TURIN -- Chrysler Group will stop selling the Dodge Journey in Europe and will instead market the minivan with a Fiat badge, Fiat sources said.
The Fiat version of the vehicle will be called the Freemont, the sources said.
The Freemont is a key part of Fiat-Chrysler CEO Sergio Marchionne's plan to cut development costs and boost capacity utilization at the automakers' factories by cross selling vehicles from Fiat group and Chrysler group brands.
The Freemont will be a rebadged version of the revamped Dodge Journey unveiled at the Los Angeles auto show in November. The Journey was given minor exterior design tweaks, a revised interior and a modified suspension.
Fiat will debut the Freemont at the Geneva auto show in March and launch European sales in June.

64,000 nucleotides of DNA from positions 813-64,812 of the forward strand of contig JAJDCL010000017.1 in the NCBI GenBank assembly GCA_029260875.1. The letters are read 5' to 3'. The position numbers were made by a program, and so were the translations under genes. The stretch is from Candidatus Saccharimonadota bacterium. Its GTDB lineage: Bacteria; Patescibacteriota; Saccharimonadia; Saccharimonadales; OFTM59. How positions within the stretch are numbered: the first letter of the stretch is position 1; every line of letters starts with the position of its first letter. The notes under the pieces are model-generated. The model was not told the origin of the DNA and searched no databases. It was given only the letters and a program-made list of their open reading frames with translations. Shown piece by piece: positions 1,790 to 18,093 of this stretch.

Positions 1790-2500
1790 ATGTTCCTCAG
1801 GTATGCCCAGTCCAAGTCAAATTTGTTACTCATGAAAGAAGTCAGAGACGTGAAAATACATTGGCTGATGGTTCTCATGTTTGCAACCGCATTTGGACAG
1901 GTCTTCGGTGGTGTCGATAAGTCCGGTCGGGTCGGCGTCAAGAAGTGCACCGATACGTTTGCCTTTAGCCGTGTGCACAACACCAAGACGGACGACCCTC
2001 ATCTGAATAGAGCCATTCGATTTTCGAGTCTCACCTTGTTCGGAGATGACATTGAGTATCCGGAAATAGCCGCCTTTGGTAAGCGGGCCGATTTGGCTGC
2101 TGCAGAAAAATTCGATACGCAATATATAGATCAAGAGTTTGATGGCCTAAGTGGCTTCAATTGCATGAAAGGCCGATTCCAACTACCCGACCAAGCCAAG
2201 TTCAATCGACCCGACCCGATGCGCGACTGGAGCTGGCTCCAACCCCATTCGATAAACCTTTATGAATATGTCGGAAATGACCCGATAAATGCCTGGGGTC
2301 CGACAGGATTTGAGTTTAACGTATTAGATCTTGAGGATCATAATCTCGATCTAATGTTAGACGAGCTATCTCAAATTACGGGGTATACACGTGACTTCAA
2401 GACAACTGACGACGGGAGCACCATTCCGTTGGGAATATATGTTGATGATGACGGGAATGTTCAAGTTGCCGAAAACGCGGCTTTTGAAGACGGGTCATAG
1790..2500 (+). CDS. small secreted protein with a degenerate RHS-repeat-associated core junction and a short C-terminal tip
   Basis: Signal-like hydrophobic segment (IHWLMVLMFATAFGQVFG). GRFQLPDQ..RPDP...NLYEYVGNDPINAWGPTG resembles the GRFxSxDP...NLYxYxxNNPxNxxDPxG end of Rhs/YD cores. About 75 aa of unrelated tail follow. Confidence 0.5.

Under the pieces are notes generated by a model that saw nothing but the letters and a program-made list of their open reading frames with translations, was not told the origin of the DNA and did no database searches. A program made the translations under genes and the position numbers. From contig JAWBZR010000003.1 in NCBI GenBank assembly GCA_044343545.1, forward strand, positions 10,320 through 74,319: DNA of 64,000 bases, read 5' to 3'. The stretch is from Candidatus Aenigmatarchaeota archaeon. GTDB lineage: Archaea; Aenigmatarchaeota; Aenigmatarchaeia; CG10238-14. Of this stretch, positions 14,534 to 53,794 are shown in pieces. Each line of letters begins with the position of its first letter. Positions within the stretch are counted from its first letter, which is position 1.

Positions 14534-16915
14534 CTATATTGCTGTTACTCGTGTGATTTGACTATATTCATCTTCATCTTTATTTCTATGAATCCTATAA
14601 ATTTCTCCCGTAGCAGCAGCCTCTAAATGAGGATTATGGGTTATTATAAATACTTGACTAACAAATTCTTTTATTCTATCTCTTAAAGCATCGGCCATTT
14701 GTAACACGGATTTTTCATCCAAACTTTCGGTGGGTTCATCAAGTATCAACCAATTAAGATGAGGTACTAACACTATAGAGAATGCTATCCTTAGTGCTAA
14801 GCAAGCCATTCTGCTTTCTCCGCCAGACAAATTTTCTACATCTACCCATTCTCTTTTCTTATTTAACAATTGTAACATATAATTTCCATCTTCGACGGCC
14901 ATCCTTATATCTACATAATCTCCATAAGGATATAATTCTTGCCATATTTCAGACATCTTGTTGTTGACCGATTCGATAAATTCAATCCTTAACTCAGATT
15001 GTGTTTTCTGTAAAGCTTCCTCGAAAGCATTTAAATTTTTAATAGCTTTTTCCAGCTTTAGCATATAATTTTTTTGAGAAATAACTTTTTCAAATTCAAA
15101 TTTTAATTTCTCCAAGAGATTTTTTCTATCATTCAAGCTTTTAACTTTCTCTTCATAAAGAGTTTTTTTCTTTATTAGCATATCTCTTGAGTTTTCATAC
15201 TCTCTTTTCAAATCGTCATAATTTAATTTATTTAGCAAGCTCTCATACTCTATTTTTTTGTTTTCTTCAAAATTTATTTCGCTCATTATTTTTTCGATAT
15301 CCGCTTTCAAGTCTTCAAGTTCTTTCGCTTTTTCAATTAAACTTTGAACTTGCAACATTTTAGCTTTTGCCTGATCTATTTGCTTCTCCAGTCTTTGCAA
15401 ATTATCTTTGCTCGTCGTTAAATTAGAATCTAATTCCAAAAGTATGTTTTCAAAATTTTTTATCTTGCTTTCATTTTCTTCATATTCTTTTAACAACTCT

Chrysler launched sales of the Dodge Journey in Europe in 2008. In the first 10 months, European sales of the Journey fell 20 percent to 5,792 units, according to UK-based market researchers JATO Dynamics.
The Freemont's engines will include Fiat's 170-hp 2.0-liter diesel, the first application of a Fiat engine in a Chrysler vehicle. The current Journey has a 140-hp 2.0-liter diesel supplied by Volkswagen AG.
The Freemont will replace Fiat's slow-selling Ulysse minivan, which the carmaker stopped building this month. Last year, Fiat sold 1,956 Ulysse units.
Bigger sales potential
Fiat hopes the Freemont will have a bigger sales potential than the Ulysse because it will offer all-wheel drive, which the Ulysse doesn't have. In addition, a more powerful diesel engine than the current Journey and sales through Fiat's 5,000-strong European sales network, which is far larger than Chrysler's, could offer more sales potential.
The Freemont will be exported to Europe from Chrysler's Toluca, Mexico plant, which builds the Dodge Journey and the Fiat 500 for North America.